Let’s sort by blocks how to write a resume and describe the key points.
1. Full name and contacts
Everything is straightforward here. Do not use your personal e-mail for communication. Just specify a personal one or create a separate one for job search. Be sure to check that your e-mail matches the format of the name firstname.lastname@example.org.
Add links to Facebook, LinkedIn or other professional networks, such as Behance. Pointing personal profiles on social networks, carefully check their content in order not to get into an awkward situation.
This paragraph should answer the questions about why you should be invited to an interview and whether it makes sense to go into the resume. Its goal is to focus the attention of the employer/recruiter, immediately highlighting your professional goals, experience, expertise and personal qualities. If you do not make it clear that the company will be useful, you are doomed to failure.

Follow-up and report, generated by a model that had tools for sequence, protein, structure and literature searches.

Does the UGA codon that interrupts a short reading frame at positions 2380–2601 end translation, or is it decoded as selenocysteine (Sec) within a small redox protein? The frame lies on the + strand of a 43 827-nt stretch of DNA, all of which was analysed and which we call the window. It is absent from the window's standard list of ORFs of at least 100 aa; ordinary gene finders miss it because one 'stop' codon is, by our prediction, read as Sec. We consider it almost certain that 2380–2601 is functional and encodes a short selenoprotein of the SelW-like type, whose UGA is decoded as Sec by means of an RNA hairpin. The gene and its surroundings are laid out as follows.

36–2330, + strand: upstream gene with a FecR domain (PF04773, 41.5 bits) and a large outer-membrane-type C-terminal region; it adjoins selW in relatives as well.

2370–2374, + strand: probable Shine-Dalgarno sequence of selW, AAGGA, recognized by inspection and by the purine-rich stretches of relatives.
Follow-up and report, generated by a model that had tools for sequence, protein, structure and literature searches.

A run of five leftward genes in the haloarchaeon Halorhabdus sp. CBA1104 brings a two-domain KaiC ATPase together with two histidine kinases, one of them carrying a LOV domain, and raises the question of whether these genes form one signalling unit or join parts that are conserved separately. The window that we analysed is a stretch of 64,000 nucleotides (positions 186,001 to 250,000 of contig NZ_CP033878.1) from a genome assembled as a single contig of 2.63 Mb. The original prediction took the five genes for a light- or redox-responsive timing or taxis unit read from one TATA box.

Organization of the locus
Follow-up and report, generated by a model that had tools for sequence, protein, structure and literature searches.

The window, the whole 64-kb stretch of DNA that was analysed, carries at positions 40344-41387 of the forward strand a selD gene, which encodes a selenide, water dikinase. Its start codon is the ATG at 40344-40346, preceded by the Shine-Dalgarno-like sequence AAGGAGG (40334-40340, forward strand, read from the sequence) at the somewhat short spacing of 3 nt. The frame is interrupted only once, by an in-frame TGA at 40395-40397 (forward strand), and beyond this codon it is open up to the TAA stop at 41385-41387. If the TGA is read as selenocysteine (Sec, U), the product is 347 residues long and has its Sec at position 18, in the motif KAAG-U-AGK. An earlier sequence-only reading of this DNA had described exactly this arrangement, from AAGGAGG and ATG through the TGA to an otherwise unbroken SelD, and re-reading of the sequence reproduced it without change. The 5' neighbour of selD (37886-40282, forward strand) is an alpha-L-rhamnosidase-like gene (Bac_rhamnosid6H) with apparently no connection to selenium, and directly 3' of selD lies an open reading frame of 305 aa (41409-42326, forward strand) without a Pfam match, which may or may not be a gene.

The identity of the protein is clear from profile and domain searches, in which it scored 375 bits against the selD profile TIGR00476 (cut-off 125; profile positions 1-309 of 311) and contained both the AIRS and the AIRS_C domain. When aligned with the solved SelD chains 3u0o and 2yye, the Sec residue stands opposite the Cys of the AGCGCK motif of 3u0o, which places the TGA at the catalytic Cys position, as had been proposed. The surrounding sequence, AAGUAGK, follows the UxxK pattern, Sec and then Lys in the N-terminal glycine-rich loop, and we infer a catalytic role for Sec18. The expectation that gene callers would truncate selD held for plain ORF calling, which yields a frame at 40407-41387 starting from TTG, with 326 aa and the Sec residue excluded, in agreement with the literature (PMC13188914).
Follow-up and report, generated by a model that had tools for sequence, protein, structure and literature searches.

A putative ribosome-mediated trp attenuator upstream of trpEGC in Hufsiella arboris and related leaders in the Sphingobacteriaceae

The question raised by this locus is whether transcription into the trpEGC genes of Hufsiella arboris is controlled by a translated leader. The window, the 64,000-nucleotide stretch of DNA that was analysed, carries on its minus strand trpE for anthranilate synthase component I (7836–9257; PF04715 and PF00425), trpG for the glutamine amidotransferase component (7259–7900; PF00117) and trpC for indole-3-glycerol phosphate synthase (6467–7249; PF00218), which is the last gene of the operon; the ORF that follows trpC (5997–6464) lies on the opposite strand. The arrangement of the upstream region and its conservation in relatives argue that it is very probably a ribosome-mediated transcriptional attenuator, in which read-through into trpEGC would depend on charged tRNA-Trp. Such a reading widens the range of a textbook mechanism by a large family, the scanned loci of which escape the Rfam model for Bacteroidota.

3. Work experience
Start from the current or last job, moving to an older. Remember that you only need to specify the experience relevant job for which you are applying. If you don’t have one, consider writing a functional resume and focusing on skills, not on jobs.
You should briefly indicate the name and scope of the company. Then, write your position and role, as well as the main tasks. Give a list of significant achievements and do not forget to back them up with arguments and evidence. Remember that achievements must be measurable, concrete, impressive and must be consistent with the position.
Point out the education that is relevant to your job and career goals. Include not only basic but also profile courses, training, etc. If your primary education is not related to the job you are applying for, briefly state the reasons for changing your profession.
It is worthwhile to approach this block very responsibly since you will get money exactly for your working skills. Indicate your essential qualities and skills necessary for the position you are applying for. Here you need to write in which programs you work and what languages you speak.